Feed mill planned for Calypso
By Bonnie Edwards
Published in News on October 21, 2004 2:01 PM
KENANSVILLE -- The Duplin County commissioners will apply for $350,000 in grants to bring water and sewer service to a new Case Farms feed mill planned for Calypso.
One of the grants will be for $200,000 and will be applied for through the N.C. Rural Center.
The other grant application for $150,000 will come from an Industrial Development Fund, will be applied for through the N.C. Department of Commerce. The county's share of the project would be $25,000.
The total projected cost for water and sewer is expected to be about $410,000.
Officials with the county and with Case Farms, a chicken processing company, haven't commented about the feed mill. The motion passed quickly with no comment.
County officials didn't talk about the identity of the industry coming to Calypso, but the company was named in a resolution approved by the commissioners, which was a part of the grant application process.
Duplin Economic Development Director Woody Brinson announced in September that an agribusiness company was planning to locate in Calypso, and it would hire 30 people. He declined to give the name of the company then, and he could not be reached this morning.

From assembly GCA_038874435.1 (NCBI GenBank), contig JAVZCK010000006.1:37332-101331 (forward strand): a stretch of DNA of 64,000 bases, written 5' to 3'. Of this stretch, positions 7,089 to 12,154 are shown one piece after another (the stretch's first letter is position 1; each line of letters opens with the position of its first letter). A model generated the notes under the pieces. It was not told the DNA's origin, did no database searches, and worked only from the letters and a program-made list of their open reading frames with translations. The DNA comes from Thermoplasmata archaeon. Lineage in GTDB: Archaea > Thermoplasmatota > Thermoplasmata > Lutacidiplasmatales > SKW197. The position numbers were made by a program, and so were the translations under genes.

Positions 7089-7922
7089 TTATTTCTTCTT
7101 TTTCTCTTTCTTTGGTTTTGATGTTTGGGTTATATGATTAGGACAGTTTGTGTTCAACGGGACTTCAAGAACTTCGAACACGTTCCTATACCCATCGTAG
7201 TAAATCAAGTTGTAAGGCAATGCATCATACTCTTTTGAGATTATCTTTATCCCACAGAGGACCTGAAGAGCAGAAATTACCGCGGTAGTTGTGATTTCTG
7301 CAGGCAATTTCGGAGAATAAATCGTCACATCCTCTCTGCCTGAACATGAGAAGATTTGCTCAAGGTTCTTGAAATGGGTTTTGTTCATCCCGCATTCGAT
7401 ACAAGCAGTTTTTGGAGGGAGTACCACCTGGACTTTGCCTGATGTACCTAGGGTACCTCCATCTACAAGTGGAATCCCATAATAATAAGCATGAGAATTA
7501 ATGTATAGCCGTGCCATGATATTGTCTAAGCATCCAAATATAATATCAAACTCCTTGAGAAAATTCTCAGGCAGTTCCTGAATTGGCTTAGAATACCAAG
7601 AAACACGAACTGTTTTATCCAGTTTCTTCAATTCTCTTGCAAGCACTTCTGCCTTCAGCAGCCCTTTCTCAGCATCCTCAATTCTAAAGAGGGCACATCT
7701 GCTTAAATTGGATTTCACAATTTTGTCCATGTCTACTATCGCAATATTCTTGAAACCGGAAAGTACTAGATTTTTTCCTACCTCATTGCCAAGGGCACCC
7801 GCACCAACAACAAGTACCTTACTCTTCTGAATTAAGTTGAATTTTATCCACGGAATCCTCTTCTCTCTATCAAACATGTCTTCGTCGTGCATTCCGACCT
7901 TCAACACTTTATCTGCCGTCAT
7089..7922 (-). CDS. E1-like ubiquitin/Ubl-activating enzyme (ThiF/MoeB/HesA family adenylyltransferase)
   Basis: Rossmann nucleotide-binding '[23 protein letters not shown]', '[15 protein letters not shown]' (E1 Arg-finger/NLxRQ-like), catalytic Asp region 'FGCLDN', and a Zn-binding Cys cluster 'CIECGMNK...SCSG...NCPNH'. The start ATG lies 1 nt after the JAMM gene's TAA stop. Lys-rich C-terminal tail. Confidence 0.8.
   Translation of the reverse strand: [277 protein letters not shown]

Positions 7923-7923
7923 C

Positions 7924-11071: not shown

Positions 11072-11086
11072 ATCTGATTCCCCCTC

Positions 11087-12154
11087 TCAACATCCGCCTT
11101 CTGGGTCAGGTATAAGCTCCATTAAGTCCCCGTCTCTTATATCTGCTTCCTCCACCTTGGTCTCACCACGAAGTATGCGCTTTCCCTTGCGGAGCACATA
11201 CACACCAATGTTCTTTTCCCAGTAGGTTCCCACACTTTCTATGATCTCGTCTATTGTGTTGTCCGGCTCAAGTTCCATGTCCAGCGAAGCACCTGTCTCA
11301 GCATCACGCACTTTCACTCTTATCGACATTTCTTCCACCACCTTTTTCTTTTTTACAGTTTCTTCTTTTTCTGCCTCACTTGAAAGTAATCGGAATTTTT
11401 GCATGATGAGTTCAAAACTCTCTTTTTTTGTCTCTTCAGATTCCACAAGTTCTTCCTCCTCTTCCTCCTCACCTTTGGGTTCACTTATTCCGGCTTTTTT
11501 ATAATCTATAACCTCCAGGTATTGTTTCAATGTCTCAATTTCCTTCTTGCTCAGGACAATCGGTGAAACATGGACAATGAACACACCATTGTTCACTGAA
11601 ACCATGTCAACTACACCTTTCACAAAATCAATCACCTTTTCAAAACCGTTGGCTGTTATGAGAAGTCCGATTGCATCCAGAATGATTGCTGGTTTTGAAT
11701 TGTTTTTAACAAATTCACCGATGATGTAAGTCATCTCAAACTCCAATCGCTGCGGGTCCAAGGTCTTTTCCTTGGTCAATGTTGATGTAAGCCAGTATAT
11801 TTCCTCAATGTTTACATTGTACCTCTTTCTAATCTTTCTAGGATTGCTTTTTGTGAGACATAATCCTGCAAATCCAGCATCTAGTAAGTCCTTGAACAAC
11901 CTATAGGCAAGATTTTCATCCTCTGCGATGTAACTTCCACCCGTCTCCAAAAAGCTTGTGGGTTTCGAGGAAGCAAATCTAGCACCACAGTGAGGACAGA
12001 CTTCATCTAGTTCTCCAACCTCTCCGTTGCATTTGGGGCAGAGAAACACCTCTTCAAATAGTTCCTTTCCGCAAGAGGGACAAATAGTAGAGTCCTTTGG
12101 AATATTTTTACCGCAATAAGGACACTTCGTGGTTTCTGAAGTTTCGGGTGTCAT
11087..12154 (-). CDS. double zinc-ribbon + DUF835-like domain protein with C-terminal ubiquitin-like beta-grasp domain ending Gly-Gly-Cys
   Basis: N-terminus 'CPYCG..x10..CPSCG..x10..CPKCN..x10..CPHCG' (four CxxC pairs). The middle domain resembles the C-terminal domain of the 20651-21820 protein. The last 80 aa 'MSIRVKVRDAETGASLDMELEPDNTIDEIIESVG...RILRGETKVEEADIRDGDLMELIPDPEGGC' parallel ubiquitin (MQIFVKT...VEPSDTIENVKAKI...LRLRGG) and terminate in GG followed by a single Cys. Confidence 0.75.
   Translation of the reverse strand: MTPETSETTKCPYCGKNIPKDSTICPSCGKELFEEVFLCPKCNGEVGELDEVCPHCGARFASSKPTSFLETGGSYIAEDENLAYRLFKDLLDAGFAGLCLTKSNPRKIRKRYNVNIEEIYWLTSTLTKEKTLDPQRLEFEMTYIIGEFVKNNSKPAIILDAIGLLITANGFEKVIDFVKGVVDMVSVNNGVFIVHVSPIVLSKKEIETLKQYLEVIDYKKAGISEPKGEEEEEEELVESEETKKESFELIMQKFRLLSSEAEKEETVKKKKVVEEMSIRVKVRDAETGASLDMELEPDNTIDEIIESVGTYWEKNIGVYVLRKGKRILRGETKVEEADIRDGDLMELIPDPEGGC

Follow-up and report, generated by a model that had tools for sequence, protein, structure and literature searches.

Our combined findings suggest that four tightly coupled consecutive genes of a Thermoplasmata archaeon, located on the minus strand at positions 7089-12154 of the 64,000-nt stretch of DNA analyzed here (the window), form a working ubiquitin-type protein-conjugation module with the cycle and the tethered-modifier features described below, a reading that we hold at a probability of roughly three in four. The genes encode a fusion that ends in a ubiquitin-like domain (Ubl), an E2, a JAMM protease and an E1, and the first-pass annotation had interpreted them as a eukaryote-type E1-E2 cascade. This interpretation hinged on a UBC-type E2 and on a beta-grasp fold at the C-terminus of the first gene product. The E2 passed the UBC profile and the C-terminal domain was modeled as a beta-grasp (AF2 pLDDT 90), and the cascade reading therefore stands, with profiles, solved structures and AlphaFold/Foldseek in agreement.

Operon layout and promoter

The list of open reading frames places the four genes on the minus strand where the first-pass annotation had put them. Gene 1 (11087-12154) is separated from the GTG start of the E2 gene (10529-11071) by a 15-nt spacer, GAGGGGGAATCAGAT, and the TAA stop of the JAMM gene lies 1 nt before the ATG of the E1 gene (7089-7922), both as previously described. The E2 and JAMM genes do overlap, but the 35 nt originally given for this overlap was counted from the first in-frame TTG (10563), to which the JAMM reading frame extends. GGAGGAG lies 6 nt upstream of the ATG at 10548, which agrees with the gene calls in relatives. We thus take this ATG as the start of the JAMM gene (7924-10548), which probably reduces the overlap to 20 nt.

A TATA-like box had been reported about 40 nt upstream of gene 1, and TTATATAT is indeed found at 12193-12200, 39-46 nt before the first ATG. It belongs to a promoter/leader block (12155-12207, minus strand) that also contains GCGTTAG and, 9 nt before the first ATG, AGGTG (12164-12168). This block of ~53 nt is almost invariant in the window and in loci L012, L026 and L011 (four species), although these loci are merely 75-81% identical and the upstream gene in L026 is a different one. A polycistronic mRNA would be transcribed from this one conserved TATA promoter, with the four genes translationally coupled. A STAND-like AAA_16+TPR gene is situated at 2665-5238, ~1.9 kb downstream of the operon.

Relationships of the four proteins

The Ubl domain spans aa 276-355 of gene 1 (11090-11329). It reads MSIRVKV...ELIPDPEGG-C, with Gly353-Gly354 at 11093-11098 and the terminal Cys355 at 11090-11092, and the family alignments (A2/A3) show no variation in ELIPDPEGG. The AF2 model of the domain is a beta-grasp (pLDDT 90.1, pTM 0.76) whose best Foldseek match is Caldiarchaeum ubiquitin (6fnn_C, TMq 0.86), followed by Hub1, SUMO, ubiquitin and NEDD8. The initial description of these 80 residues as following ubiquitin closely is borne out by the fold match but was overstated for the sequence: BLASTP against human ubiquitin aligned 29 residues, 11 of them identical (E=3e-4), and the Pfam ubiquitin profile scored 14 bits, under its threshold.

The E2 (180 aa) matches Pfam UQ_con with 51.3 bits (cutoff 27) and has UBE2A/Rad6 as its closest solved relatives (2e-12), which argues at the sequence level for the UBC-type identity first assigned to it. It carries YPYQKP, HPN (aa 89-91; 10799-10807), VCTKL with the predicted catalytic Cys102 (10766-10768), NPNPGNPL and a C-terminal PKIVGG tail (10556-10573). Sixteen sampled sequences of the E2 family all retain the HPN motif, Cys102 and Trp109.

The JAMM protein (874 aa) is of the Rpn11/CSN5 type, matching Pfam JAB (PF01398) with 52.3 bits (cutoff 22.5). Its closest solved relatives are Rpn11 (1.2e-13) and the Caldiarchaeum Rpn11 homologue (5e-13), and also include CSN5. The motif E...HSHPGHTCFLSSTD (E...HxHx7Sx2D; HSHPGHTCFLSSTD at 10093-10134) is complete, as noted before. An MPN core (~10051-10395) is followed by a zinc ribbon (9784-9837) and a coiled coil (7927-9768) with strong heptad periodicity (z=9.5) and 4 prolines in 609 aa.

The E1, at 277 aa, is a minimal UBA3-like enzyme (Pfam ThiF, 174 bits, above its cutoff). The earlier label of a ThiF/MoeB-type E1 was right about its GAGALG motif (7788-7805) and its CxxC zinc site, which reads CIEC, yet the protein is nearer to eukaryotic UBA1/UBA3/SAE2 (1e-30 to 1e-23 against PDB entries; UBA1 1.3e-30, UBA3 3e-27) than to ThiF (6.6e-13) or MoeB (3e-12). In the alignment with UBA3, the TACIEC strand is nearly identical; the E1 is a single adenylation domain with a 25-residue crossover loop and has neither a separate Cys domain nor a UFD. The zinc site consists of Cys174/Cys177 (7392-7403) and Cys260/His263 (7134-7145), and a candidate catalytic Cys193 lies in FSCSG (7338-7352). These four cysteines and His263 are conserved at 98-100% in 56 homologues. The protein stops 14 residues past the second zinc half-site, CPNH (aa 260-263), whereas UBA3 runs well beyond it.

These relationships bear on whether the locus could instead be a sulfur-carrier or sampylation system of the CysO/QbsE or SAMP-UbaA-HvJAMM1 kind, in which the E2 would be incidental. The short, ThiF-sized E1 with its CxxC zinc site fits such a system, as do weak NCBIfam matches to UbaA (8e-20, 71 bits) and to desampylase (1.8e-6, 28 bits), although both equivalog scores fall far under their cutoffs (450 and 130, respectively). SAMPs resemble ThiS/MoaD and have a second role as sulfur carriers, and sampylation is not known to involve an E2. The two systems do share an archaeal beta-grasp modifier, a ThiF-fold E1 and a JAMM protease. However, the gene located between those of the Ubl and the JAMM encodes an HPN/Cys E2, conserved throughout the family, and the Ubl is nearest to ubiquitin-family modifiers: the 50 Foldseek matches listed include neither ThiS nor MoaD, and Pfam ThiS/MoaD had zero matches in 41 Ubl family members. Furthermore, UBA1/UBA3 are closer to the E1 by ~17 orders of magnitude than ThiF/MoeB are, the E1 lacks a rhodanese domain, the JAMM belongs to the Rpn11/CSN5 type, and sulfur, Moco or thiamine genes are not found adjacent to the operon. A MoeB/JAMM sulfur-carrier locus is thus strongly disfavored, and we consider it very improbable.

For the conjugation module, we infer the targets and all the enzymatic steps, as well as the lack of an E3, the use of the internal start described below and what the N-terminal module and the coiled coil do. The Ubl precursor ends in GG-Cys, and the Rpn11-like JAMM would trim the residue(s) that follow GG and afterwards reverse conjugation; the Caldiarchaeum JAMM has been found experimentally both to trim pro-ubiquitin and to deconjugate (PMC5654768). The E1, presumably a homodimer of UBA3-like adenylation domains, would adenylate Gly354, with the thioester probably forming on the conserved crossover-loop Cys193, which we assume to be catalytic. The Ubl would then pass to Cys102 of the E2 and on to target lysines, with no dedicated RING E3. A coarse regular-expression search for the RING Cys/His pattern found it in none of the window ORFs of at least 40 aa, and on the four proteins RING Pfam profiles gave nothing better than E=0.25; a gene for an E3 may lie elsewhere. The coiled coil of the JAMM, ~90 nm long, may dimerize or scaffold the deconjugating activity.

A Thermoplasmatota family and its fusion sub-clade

The company had an option to buy land inside Calypso's zoning jurisdiction in September, and Brinson was talking to the Calypso town board about it.
He said the Duplin County commissioners had already agreed to apply for the $200,000 N.C. Rural Center grant and would provide the $25,000 flex grant from the N.C. Eastern Region for part of the local match and was applying for the additional $150,000 from the state Department of Commerce.
He promised it would be a clean industry and would not put off any odors.
Similar operations are in Wayne and Duplin counties, he told the town board in September, and it will increase agricultural opportunities for local farmers.
The Calypso town board voted unanimously to draft a letter supporting the project and agreed to take ownership of water and sewer lines that will be built with the county's grant money.
Town Commissioner Dick Lewis said he was glad the town was getting something that would benefit the area.
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